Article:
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Training Hour: 4 Tips for Building Your Equine Book

The equine market may finally be leveling out, which is good news for agents who are hoping to sell more equine in 2018. Here are four ways to make it happen.
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A few years ago, major equine insurance carriers were forced to rebuild the market from the ground up in order to deal with mounting major medical losses.

The result: A major medical landscape that’s completely transformed.

“They reevaluated their rates, and they reevaluated their coverage,” says Tara Trout, director, farm and equine and private client specialist at AHT Insurance. “Everybody was adjusting everything—we were like, ‘Slow down.’ We had to relearn everything.”

Keep an eye on and upcoming editions of the Markets Pulse e-newsletter to learn more about all the ways major medical insurance is not what it used to be. In the meantime, the other result is a positive one: The equine market may finally be leveling out.

“Overall, the market is healthy,” Trout says. “Everyone has sorted themselves out with a few tweaks. They’ve found their niche for better or for worse, and they’re focusing on their underwriting. I predict stability this year.”

That’s good news for agents who are hoping to sell more equine in 2018. If that’s your goal, here are four ways to make it happen.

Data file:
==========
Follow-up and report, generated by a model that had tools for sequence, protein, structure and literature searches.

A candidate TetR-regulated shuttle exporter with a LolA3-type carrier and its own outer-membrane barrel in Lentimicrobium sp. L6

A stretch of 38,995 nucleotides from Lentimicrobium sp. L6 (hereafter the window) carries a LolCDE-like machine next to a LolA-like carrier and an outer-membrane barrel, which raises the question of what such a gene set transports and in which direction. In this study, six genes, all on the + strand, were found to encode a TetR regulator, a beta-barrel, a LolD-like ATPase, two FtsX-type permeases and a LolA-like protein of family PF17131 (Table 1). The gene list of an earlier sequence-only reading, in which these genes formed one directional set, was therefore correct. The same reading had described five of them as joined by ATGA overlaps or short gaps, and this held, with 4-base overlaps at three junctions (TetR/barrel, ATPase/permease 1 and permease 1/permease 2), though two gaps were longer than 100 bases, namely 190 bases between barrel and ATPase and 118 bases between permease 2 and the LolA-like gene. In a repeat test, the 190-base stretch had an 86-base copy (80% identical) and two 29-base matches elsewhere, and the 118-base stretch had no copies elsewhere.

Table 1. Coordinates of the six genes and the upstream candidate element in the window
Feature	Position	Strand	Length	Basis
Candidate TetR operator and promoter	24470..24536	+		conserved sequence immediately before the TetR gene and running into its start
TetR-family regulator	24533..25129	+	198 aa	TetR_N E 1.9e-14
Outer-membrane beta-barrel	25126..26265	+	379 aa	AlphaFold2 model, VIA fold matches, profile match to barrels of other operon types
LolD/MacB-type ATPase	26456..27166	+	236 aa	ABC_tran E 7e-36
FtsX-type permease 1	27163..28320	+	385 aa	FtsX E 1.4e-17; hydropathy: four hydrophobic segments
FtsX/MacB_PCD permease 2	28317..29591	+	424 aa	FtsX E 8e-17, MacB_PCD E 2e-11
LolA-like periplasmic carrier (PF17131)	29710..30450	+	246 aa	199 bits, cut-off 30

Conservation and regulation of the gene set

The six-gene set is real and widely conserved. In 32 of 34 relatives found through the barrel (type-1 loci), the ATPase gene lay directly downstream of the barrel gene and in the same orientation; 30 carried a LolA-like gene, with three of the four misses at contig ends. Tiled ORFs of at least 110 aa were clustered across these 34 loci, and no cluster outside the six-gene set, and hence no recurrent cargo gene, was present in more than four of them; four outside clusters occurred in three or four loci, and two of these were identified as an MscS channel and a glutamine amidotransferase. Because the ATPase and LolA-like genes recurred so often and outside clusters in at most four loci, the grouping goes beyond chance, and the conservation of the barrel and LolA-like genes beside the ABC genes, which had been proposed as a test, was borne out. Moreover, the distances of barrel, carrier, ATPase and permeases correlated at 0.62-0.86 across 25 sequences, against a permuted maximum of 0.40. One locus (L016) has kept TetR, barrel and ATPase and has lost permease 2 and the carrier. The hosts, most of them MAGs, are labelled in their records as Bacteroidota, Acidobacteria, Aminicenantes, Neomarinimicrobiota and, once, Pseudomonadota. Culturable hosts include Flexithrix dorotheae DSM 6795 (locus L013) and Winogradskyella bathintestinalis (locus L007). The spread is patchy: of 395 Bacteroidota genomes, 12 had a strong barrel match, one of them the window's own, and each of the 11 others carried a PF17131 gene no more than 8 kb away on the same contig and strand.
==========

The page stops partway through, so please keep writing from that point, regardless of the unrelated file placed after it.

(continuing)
1) Find your niche within the niche. Trout observes most equine carriers honing in on specific areas of the market, whether it’s sport horses, thoroughbreds, dressage, quarter horses or something else.

“Every type of coverage has a strength for a different discipline,” Trout explains. “I think underwriters are really starting to focus on that and stay away from the areas where they just don’t have as deep an expertise.”

And as an agent, it wouldn’t be a bad idea to follow suit. “Once you understand your underwriters’ strengths, you can focus on which path you want to go in your own relationships,” Trout says. “It’s very, very difficult to reach out to a discipline that you don’t know very well. If your background is hunter jumper, I would stay in that lane rather than trying to get into the quarter horse world. They’re very different, and they have different needs.”

2) Pay attention to how your client uses their horses. On a similar note, “the more you understand what your client needs, the more you can work on the best possible solutions with your underwriter,” Trout suggests.

Consider a leasing situation, for example. “You really have to think about the horse, who’s the first named insured and who’s the bill payer,” Trout points out. “Perhaps the leasee is the bill payer, and when they return the horse, technically they don’t have the ability to cancel the policy because they’re not the first named insured. Who’s paying the bill? Who’s getting the claims check? Who has the right to make changes to the policy?”